Fall 2015: Taking the Spaceship Back

Time, the fourth dimension of our existence, threads through the whole Fall 2015 issue as its unifying motif.

The third quarter of 2015 is thorny with developments. On July 31, we announce the second edition of our international translation contest judged by Michael Hofmann (Poetry), Ottilie Mulzet (Fiction), and Margaret Jull Costa (Nonfiction—a new category), this time awarding a total of $4,500 in prizes. Technical Manager József Szabo (also one of the editors behind the fabulous Tumblr blog Writers No One Reads) completes a laborious site migration that has taken almost two years. Our website is now both adaptable to mobile devices and optimized for search engines. On October 1, I receive an invitation from The Guardian initiating a partnership that would see Asymptote simultaneously running our blog’s Translation Tuesday articles on their site for 76 weeks, starting from October 27. (Of the 11 Guardian Books Network Members announced on October 21, we are the only magazine dedicated to translation and also—I can’t help noting—the only one from Asia.) This turns out to be the first of three partnerships that we formalize in October (the other two being with PEN America and Lithub), all three of which we announce proudly via our first-ever Fortnightly Airmail, launched on October 29, thanks to then Communications Manager Matthew Phipps and then Graphic Designer Berny Tan (who valiantly turns around a new newsletter design within 24 hours after I veto the first). This inaugural newsletter doesn’t yet spotlight PEN/Heim grant winners (the first boatload of these would arrive on November 13). Instead, it carries Jennifer Croft’s essay “When the Author You Translate [i.e., Olga Tokarczuk] Gets Death Threats,” which Lithub republishes on their website on November 2. (We would also go on to be the first to excerpt Olga Tokarczuk’s 2018 International Man Booker Prizewinning Flights in our Winter 2016 edition before it hit bookstores anywhere.) October 2015 also ushers in our first-ever virtual event featuring Mexican author Albert Chimal’s “The Time-Traveller.” Originally composed in Spanish as a series of tweets, the English translation by George Henson, which also respects Twitter’s character limit of 140, is published twice: first, as a headliner in our Fall 2015 issue, and then via our English Twitter channel as a long string of tweets pushed out (by then Marketing Manager David Maclean) to the world over a span of 40 hours. If you were there for the tweetathon, thank you for being a part of the work. Here to introduce our Fall 2015 issue is Hong Kong editor-at-large Charlie Ng Chak Kwan.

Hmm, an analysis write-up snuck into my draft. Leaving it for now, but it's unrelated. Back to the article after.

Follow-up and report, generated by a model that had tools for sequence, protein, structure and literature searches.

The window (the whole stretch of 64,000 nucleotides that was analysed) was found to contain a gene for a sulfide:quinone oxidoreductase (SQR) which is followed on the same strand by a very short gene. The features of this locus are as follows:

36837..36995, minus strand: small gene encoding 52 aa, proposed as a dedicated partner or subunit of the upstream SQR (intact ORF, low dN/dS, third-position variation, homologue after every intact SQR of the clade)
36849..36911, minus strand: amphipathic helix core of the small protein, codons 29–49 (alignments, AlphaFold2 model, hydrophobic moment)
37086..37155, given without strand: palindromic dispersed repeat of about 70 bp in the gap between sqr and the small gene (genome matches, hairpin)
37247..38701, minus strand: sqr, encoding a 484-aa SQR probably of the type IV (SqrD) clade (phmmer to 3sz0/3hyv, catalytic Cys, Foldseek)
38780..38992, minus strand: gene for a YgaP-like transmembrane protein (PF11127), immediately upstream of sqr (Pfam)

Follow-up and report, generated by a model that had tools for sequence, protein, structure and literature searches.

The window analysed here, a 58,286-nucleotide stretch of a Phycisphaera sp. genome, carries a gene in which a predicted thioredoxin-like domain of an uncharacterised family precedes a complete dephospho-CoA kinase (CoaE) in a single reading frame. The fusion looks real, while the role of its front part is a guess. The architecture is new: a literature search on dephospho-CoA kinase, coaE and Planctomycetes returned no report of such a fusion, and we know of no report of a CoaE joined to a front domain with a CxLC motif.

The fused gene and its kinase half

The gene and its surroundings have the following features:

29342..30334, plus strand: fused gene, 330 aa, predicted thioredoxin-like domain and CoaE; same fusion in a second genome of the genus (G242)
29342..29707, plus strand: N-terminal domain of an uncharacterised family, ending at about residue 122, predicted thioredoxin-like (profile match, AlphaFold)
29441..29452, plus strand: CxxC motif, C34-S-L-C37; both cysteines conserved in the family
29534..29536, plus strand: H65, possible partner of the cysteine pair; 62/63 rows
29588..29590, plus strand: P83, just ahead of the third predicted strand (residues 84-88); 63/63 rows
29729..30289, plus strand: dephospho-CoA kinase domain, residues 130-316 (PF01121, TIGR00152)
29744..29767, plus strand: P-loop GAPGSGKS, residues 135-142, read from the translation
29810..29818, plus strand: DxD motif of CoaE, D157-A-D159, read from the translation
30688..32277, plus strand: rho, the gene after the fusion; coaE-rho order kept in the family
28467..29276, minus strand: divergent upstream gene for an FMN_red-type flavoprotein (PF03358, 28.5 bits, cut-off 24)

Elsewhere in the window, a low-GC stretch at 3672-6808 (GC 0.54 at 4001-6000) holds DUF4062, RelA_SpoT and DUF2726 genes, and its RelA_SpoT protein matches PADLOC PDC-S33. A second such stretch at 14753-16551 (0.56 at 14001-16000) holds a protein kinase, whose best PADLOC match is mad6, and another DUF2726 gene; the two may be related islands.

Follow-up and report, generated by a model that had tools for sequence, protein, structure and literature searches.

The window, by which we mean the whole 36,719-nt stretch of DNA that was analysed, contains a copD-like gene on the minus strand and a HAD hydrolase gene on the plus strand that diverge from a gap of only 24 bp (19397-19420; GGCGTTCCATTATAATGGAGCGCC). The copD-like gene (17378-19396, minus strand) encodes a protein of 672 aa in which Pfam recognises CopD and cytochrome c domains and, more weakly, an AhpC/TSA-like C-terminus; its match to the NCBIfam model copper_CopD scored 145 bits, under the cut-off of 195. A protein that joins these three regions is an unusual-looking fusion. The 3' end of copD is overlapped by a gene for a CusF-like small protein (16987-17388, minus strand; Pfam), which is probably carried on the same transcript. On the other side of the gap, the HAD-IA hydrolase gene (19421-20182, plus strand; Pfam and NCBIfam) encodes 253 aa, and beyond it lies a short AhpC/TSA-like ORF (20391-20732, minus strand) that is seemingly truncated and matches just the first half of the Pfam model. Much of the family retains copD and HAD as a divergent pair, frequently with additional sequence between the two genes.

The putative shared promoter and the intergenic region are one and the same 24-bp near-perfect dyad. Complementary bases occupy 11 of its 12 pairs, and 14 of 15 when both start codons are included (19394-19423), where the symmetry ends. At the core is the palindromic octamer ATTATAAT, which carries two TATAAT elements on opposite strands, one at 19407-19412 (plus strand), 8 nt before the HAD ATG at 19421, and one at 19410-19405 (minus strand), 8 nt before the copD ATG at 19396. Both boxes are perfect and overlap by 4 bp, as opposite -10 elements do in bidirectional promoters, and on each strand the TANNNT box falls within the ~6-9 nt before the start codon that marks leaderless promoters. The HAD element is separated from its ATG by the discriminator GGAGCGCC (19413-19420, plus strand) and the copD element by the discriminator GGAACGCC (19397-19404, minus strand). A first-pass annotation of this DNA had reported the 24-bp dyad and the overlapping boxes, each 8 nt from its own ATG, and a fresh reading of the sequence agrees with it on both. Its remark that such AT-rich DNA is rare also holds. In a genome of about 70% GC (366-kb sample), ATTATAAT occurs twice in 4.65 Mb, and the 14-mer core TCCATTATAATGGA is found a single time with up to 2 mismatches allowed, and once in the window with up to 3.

If I were able to travel back to 2013 and meet my younger self, I would enthusiastically tell her that she was about to become part of a community devoted to breaking cultural and linguistic borders in the literary world and that she would never regret joining a journal whose mission was translating and publishing works written by people far and wide. It is unbelievable that I have now been a Hong Kong Editor-at-Large for Asymptote for more than five years. The many issues of Asymptote have seen me face a few life hurdles—graduating from my Ph.D., securing my first job as a translator, and becoming a full-time university teacher—and still I stay with Asymptote. Time definitely changes a lot of things—for good or for bad—but the ever-expanding archive of Asymptote tells me there are some things that remain constant, like the journal’s perseverance.

Time, the fourth dimension of our existence, threads through the whole Fall 2015 issue as its unifying motif. The issue’s pieces transport us to a wide range of times, from the Armenian genocide in Gostan Zarian’s “The Traveler and His Road” to the forensic anthropological investigation of the dead in Leila Guerriero’s “The Trace in the Bones”. We are not restricted by conventional time frames that confine our experience as words allow us to exist in the past, the present and the future simultaneously. The first line of Alberto Chimal’s “The Time Traveller” actually says it all: “Good morning, afternoon, evening, says the Time Traveller when his machine is moody and doesn’t ask him where (or to when) he’s going.” The Time Traveller’s trouble, in other words, is not where to go but rather the lack of a good temporal compass. Chimal’s story—comprised of a series of the Time Traveller’s wild and witty Tweets—portrays a compassionate titular character with ample knowledge of history and literature. Although its protagonist is no Gulliver—he is much more sophisticated than that 18th century traveller—Chimal’s story amuses and fascinates as much as Swift’s, even as it avoids the latter’s satiric bitterness.